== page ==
About the Element
Barium (Greek "barys" meaning "heavy") was first identified in 1774 by Carl Scheele and extracted in 1808 by Sir Humphry Davy in England. Barium is a metallic element, soft, and when pure is silvery white; it belongs to the alkaline earth group, chemically resembling calcium. The metal oxidizes very easily and should be kept under petroleum or other suitable oxygen-free liquids to exclude air. It is decomposed by water or alcohol.
It is found only in combination with other elements, chiefly with sulfate and carbonate and is prepared by electrolysis of the chloride.
The metal is used as a "getter" in vacuum tubes. The sulfate is also used in paint, in X-ray diagnostic work, and in glassmaking. Barite is extensively used as a weighing agent in oil well drilling fluids, and is used in making rubber. The carbonate has been used as a rat poison, while the nitrate and chlorate give colors in pyrotechnics. The impure sulfide phosphoresces after exposure to the light. All barium compounds that are water or acid soluble are poisonous. Naturally occurring barium is a mixture of seven stable isotopes. Twenty two other radioactive isotopes are known to exist.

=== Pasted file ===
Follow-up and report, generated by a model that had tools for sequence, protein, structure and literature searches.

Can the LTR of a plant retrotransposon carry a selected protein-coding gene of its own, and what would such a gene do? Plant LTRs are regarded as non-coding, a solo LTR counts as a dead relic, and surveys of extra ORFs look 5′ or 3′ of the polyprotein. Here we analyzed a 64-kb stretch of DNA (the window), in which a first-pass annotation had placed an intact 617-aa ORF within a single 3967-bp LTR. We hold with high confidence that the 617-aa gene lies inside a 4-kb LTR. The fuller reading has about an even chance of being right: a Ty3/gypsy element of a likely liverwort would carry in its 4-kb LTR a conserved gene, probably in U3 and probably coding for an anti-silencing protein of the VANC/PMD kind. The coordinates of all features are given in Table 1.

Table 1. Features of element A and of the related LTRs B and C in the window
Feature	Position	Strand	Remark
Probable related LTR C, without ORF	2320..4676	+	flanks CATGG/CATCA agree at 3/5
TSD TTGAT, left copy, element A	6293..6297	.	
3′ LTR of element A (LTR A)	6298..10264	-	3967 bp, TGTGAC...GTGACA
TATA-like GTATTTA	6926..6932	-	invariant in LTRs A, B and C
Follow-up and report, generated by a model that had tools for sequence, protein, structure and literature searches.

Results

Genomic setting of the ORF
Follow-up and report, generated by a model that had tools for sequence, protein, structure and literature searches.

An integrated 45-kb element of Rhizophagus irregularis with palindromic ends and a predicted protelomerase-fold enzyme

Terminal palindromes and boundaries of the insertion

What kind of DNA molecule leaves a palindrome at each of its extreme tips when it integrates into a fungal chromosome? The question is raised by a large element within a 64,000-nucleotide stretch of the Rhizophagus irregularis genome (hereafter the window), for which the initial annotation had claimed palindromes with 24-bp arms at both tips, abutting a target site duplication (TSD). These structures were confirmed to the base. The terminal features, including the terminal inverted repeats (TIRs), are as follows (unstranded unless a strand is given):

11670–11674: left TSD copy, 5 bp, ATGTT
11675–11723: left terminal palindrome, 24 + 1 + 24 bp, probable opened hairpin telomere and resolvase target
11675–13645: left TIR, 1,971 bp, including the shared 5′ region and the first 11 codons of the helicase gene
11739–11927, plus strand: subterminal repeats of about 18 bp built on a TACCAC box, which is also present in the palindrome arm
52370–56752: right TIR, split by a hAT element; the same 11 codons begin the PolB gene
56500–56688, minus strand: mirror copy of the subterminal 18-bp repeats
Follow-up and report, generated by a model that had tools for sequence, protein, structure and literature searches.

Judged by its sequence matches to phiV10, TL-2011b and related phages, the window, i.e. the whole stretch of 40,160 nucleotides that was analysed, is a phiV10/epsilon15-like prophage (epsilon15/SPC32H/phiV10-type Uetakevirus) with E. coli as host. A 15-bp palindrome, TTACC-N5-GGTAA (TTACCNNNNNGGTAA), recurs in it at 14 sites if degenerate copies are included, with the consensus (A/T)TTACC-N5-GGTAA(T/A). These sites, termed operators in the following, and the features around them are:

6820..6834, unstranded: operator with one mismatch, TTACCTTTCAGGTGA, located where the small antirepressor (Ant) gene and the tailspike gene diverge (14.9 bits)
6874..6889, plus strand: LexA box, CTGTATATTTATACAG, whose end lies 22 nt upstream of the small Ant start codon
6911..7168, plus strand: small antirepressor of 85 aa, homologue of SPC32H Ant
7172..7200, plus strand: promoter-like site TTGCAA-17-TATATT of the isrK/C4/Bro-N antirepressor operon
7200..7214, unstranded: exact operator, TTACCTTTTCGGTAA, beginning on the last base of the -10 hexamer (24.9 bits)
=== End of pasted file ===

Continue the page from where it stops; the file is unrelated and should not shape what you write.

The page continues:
About the Print
About the Printmaker
by Brad Robinson
Atomic number: 56
Atomic weight: 137.327